Author Topic: Product vs. Parts  (Read 2745 times)

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Denver Road Doug

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Re: Product vs. Parts
« Reply #45 on: August 06, 2014, 11:53:08 PM »
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My take on the original post:

1. I don't think you (mfgs) HAVE to provide parts, period.
2. It is certainly nobody's (hobbyists) *right* to have spare parts available.  That is absurd.
3. I think it would be good business (mfgs) to have replacement parts available for warranty work.
4. I think it would be really good customer service (mfgs) to have a few extras beyond (3) for broken parts out of warranty. (either gratis or for a fee)
5. I think that if there was demand for certain parts (see Flexicoil trucks) and you (mfgs) were willing and able to do a very limited reservation list for some tacked onto a later run, that would also be both good customer service and probably good business as there would be dollar amounts associated to that decision.  That would certainly depend on the factory being willing to provide that flexibility...so for example MTL would have an edge there.
6. If you (mfgs) choose approach (1), and you have lots of problems and frustrated customers, you don't have the right to be surprised that sales suffer and your business struggles as a result.  It's a risk/reward and you chose to accept the risk...thus you have to accept the "reward".
7. As outsiders, we don't have the right to look at (1) and (6) as somehow unscrupulous or immoral.   It's a simple business decision.  We can choose not to purchase their products.  That's what we can do.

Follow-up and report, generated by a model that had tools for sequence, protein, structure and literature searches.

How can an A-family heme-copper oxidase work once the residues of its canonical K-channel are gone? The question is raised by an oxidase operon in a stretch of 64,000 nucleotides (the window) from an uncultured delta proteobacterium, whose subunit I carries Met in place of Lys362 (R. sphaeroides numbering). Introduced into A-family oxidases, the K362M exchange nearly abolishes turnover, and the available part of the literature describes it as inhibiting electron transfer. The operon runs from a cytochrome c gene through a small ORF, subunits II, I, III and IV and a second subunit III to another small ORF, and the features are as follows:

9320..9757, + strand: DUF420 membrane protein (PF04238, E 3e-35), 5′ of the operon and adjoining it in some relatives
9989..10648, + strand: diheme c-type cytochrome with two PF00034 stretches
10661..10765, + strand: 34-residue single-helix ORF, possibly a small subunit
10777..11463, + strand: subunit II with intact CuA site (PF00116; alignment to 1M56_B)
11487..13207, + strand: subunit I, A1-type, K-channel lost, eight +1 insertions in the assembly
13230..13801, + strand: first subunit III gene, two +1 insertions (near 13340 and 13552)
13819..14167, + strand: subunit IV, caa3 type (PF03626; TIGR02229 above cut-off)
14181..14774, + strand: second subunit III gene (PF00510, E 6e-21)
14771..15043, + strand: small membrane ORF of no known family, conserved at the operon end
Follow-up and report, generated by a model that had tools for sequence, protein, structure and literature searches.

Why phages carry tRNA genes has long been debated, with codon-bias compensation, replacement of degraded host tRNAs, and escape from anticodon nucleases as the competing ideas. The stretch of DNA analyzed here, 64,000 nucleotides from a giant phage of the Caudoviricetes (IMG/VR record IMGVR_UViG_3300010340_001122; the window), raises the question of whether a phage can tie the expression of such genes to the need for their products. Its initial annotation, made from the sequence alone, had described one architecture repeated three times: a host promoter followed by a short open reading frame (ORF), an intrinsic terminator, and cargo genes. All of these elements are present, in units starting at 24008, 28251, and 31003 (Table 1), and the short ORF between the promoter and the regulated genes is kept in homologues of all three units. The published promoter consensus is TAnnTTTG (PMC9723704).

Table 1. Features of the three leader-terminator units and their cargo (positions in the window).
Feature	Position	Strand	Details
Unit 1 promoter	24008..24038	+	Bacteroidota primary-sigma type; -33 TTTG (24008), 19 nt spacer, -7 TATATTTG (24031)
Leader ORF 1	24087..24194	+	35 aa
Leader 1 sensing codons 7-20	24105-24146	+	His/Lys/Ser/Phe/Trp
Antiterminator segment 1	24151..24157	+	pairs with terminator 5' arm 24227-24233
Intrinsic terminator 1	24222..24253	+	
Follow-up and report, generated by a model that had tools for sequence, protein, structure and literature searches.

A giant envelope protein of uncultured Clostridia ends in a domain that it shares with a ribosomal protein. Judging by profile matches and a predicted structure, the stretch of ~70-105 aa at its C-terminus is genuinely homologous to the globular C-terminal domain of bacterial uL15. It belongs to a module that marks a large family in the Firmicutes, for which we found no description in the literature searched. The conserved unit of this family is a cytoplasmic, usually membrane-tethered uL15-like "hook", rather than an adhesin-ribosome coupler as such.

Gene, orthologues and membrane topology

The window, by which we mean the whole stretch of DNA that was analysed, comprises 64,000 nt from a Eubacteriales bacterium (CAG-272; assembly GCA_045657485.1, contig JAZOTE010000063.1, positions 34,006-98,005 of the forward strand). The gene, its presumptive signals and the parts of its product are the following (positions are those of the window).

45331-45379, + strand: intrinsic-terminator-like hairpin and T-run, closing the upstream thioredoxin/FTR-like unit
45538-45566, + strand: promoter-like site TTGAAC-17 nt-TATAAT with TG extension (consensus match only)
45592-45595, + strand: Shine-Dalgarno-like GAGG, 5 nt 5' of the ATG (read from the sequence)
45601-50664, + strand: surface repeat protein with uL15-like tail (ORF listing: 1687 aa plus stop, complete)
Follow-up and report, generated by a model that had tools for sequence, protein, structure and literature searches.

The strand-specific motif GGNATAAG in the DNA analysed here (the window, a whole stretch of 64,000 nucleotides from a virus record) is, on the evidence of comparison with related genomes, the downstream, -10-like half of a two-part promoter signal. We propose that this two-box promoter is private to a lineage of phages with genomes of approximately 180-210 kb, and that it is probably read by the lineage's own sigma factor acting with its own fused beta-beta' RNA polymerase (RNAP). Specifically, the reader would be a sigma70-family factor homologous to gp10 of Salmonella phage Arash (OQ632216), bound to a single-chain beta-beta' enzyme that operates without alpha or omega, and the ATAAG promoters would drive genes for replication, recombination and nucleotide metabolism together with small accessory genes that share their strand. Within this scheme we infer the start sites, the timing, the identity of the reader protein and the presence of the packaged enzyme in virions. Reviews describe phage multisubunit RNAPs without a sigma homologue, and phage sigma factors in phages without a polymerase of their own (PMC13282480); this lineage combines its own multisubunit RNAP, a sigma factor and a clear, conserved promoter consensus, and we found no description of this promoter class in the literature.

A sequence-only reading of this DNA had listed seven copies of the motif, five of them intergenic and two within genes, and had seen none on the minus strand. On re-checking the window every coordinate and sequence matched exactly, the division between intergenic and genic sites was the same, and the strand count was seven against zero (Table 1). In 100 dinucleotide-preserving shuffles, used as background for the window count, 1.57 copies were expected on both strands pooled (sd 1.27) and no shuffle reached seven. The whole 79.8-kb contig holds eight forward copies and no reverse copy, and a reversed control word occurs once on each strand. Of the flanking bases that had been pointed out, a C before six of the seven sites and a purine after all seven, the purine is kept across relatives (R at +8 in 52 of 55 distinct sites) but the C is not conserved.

NOTE: I'm no longer active on this forum.   If you need to contact me, use the e-mail address (or visit the website link) attached to this username.  Thanks.

reinhardtjh

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Re: Product vs. Parts
« Reply #46 on: August 07, 2014, 07:51:36 AM »
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I think Atlas has somewhat spoiled us because of the availability and low cost of their parts.  It certainly makes thinking about a kitbash of one of their locomotives a lot easier than most others.  Kato runs a distant second, yes they have parts but at the usual cost of $25 and up for a shell (unless you catch a sale) it's not always a no-brainer.  Bachmann also has a decent parts department, but their source of parts through warranty returns makes availability spotty.

I know keeping a parts warehouse is expensive.  If business allows it, that's great.  I do not, however, view it as a moral imperative - it's a perk.  I would hope that a manufacture could at least afford the level of service that Pud outlines though.  I would consider that the mark of a good company that cares about it's customers.  Down the line, it may or may not make a difference in a purchase.  Most likely depending on how badly the item was desired.
John H. Reinhardt
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Kisatchie

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Re: Product vs. Parts
« Reply #47 on: August 07, 2014, 12:07:07 PM »
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Let's not forget Micro-Trains as a parts supplier. They have carded parts to be sold through hobby shops, such as roofwalks, wheels, stirrups, box car doors, reefer hatches, etc. Also, you can call them at 541-535-1755 and order just about anything you need.

I have to call MT and order some Barber short extension trucks w/o wheels or couplers to replace the Atlas 70 ton trucks that come on their 90 ton hoppers. I just cut off the Accumate couplers and add them to the MTL trucks then add wheels and they're good to go.


Hmm... give me a few
pounds of termites, and
I'm good to go, too...


Two scientists create a teleportation ray, and they try it out on a cricket. They put the cricket on one of the two teleportation pads in the room, and they turn the ray on.
The cricket jumps across the room onto the other pad.
"It works! It works!"